PRESIDENT REAGAN has insisted that Congress return after the November elections for a lame-duck session. However hobbled, the lame-duck promises to be lively.

In the few short weeks before Christmas, three major conflicting interests will collide. For their part, Senate Majority Leader Howard Baker and House Speaker Tip O'Neill will be trying to control the worst impulses of a legislative body, many of whose members will not be around next year to suffer the consequences of their decisions.

The resolution calling for Congress to reconvene will surely specify that the post-election session will be limited to completing the appropriations bills as the president wants. But that's no assurance that members won't also push favorite causes, large and small. Congress might then find itself tied up considering everything from a balanced budget amendment to a measure favoring some hometown contractor. That's why the leaders resisted the lame- duck session until the president insisted on it.

The White House, however, sees a political advantage in going into the November elections waving the flag of fiscal prudence. In fact, that's not the issue at all. If Congress were simply to pass a continuing resolution to keep the government operating until next year, the control measures put into effect by the budget reconciliation process would be quite sufficient to make sure that the budget stayed within bounds. What the president is really worrying about is that the continuing resolution would give him less than he wants for defense.

The administration apparently hopes that in the extra time provided by the lame-duck session it can indulge in the veto politics that it used last year to bend Congress to its will before the Christmas recess. Under that scenario, the president would threaten to shut down the government -- or actually do it -- while his advisers worked a deal with Republican leaders in both Houses that would give him the spending combination he wants.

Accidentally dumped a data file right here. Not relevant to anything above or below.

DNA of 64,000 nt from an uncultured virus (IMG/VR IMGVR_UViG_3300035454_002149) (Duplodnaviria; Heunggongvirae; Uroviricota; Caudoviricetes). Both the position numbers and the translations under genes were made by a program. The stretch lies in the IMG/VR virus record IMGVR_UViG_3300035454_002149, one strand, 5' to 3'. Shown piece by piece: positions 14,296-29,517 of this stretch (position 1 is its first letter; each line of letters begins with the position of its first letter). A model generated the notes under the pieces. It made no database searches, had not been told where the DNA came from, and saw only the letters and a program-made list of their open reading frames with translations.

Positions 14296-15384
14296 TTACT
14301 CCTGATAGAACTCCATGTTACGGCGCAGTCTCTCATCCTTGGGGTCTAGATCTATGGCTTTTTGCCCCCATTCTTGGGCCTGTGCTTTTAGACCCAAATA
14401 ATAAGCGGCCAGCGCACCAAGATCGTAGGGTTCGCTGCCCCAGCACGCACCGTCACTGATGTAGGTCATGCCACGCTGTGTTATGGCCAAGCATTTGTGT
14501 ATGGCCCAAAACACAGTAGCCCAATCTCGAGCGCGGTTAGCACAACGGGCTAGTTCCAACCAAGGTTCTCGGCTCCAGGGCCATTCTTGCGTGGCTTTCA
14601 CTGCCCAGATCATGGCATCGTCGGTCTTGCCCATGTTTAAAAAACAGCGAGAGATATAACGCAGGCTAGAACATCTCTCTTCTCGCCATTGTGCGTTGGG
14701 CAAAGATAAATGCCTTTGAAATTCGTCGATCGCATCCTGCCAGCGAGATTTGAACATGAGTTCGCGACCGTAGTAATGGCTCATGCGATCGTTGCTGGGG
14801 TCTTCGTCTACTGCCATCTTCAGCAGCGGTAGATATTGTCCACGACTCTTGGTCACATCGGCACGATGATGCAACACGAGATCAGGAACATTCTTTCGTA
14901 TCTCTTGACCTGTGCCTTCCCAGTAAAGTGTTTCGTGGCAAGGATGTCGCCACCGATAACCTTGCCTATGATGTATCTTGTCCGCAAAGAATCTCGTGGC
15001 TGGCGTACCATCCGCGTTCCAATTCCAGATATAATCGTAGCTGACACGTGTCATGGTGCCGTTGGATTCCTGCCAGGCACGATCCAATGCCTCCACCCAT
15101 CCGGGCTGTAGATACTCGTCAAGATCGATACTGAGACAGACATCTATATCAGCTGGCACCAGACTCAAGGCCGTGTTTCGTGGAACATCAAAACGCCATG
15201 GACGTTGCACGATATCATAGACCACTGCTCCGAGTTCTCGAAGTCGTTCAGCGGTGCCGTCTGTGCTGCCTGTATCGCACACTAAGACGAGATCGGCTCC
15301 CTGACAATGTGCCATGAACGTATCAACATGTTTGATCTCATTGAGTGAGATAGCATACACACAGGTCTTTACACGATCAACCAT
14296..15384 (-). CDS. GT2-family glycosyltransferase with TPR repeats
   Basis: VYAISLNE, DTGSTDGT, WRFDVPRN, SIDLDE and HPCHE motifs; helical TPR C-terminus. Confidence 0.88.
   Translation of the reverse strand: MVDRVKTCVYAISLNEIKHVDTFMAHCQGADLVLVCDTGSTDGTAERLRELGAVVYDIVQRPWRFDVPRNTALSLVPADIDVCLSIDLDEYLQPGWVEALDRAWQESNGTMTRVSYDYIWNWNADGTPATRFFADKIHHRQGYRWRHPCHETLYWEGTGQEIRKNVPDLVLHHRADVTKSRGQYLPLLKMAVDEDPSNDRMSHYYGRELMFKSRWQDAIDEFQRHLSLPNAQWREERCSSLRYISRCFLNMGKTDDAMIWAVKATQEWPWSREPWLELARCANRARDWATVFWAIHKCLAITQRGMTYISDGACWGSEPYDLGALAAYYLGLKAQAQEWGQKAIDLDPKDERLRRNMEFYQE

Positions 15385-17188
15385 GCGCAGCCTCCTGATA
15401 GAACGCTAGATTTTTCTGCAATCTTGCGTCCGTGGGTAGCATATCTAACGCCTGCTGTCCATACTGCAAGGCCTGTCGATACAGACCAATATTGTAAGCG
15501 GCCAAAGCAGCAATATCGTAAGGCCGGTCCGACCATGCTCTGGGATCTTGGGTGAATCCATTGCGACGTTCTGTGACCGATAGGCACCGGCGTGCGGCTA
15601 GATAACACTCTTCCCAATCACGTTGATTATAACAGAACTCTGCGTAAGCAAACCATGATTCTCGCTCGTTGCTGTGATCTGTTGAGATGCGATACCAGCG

This year, however, the administration is likely to have a harder time. Sen. Mark Hatfield and Rep. Jamie Whitten, chairmen of the appropriations committees, support the idea of a lame-duck session because they are worried that the momentum of the budget process has eroded their control over the details of federal spending. A hastily prepared continuing resolution might also lack the details needed to allow federal agencies to operate smoothly.

But they and other leaders in both Houses are not of a mind to let the president's men ride roughshod over their concerns about the distribution of federal money. They know that they have adopted a responsible budget plan, and they intend to stick with it. The administration argues that their program cost estimates are wrong, but Congress' estimating record of recent years is a good deal better than the administration's.

The outcome of the lame-duck session will, no doubt, depend on the impact of the November elections on the legislators' frame of mind. Whatever happens, remember that the issue at stake is not "budget-busting" or irresponsible government. The fight is over how much money should be spent on domestic programs and how much should be spent on defense -- and that's a battle that's likely to continue to be fought when the new Congress convenes in January.